The Dishonourable Lie

How often have we all sat through those frustrating meetings where someone from head office or a university articulates with such commitment the first lie – if you can’t measure it then it’s not worth doing.  This quantification of education based on an economically rational approach started in the sixties.  This was the dawn of outcomes-based learning. 

Continue reading “The Dishonourable Lie”

Have Kids Stopped Trying on PISA and NAPLAN?

This is a summary of a new Education Research Brief. It can be downloaded below

A much-ignored aspect of school results in Australia over the past decade or more is the sharp contrast between declining or stagnating scores on international and national tests for Years 9 and 10 and solid improvements in Year 12 results. How is it that trends in school outcomes only two or three Year levels apart are so different? Continue reading “Have Kids Stopped Trying on PISA and NAPLAN?”

League Tables Create Incentives for Schools to Rig Their Results

National literacy and numeracy tests will now have ‘high stakes’ attached to them as a result of the decision of Australian education ministers, at the initiative of the Rudd Government, to publish the results of individual schools.

It means that league tables are now inevitable in Australia. This will put schools under enormous pressure to maintain reputations and enrolments. The future of some schools will also be threatened because the Prime Minister has stated that sanctions will be applied to schools that don’t improve their performance. Continue reading “League Tables Create Incentives for Schools to Rig Their Results”

Caution Needed in Interpreting PISA 2015 Results

Last year, the Director of Education at the OECD, Andreas Schleicher, admitted that the switch from pen-and-paper to computer tests for PISA 2015 assessments may have contributed to significant falls in results amongst higher performing countries. A new research paper published by the Centre of Education Economics in the UK provides more evidence for this. Continue reading “Caution Needed in Interpreting PISA 2015 Results”

Does Australia need an assessment tool to measure literacy and numeracy achievement in Year 1 classrooms?

The introduction of a National Year 1 Literacy and Numeracy Check has been heavily criticised by the Australian Literacy Educators’ Association (ALEA) in a position statement. It says that there is an unreasonable over-emphasis on phonics in the new assessment tool. Continue reading “Does Australia need an assessment tool to measure literacy and numeracy achievement in Year 1 classrooms?”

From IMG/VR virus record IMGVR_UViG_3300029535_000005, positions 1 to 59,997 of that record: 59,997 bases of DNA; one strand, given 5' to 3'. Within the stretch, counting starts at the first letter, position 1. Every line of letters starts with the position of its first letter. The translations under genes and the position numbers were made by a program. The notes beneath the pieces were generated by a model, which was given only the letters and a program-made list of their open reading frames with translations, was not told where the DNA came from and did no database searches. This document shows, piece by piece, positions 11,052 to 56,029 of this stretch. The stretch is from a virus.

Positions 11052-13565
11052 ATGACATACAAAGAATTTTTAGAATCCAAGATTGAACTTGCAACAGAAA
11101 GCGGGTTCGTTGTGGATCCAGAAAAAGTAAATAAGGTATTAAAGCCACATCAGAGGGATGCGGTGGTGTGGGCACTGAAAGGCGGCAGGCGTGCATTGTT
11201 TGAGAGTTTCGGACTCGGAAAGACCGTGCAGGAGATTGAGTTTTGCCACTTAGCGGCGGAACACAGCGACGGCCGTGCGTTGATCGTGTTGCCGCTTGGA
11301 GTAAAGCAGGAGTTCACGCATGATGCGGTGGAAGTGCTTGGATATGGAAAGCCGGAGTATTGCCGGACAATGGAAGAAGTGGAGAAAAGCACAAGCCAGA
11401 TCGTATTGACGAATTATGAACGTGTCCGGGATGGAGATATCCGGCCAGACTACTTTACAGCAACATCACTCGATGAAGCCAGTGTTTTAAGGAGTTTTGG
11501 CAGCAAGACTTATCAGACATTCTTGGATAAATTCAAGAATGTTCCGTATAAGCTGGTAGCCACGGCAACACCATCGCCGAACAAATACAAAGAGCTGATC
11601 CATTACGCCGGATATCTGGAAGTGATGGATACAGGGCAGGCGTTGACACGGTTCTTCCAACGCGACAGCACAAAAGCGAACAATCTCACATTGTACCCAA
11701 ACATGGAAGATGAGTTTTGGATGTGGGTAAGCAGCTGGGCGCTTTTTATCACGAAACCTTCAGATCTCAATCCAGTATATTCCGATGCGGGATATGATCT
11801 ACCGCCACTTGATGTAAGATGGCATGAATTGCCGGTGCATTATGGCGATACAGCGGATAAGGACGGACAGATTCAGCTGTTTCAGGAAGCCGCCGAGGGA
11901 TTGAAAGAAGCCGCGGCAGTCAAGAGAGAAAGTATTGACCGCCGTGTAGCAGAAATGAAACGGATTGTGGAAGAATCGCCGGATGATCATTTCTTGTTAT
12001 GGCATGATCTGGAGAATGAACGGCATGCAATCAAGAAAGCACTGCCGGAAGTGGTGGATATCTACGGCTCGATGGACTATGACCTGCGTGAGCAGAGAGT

PISA Rankings Are Misleading Because of Differences in Student Coverage

One of the standout performers in the results from PISA 2015 was Vietnam. It achieved a ranking of 8th in science with a score of 525, which was significantly above Australia’s score of 510. More remarkably, only 6% of its students were below the minimum PISA standard compared to 18% of students in Australia. Vietnam had the smallest proportion of students below the science standard of the 72 countries and economies participating in PISA 2015.

However, there seems to be more than meets the eye in these results because over half of Vietnam’s 15-year-old population was not covered by the PISA sample because they were not in school. Continue reading “PISA Rankings Are Misleading Because of Differences in Student Coverage”

A Teacher’s Comment on NAPLAN

Earlier this week the ABC’s Life Matters program ran a segment on parents taking their children out of the NAPLAN tests. It generated considerable discussion. A listener who is a teacher sent SOS this response to the program.

School leaders and systems do use NAPLAN and recognise NAPLAN because it has now become the universal measure across the country because of its official status as a measure and not because it is valuable per se. It would be a concern if teachers relied on NAPLAN as a diagnostic tool and only relied on NAPLAN given the time lag between the test and the results. Good teachers are constantly assessing students in a number of ways but do not rely on a single standardised test but involve students in continual modes of improvement. Testing is not part of life, it is part of school life. How often does anyone who goes to work have to sit an exam to prove that they are learning, that they are doing their job, and demonstrating all they know in an hour or two? We would say as adults that would be unreasonable. Performance evaluation at work relies on continuous practice. Continue reading “A Teacher’s Comment on NAPLAN”

Massive Surge in Students Opting-Out of Tests

There was a massive surge in the number of students being withdrawn from standardised tests in the United States last week. The New York Daily News reported that the entire structure of high-stakes testing in New York crumbled as tens of thousands of fed-up public school parents rebelled and opted their children out of tests. Continue reading “Massive Surge in Students Opting-Out of Tests”

Testing Times

It is testing season in the United States and a nation-wide rebellion against the tests is under way as a huge opt-out movement has developed. Protests against testing have broken out in cities across the US. Politicians and policy makers continue to insist that the tests encourage better school performance but this is being increasingly challenged by parents and teachers. Continue reading “Testing Times”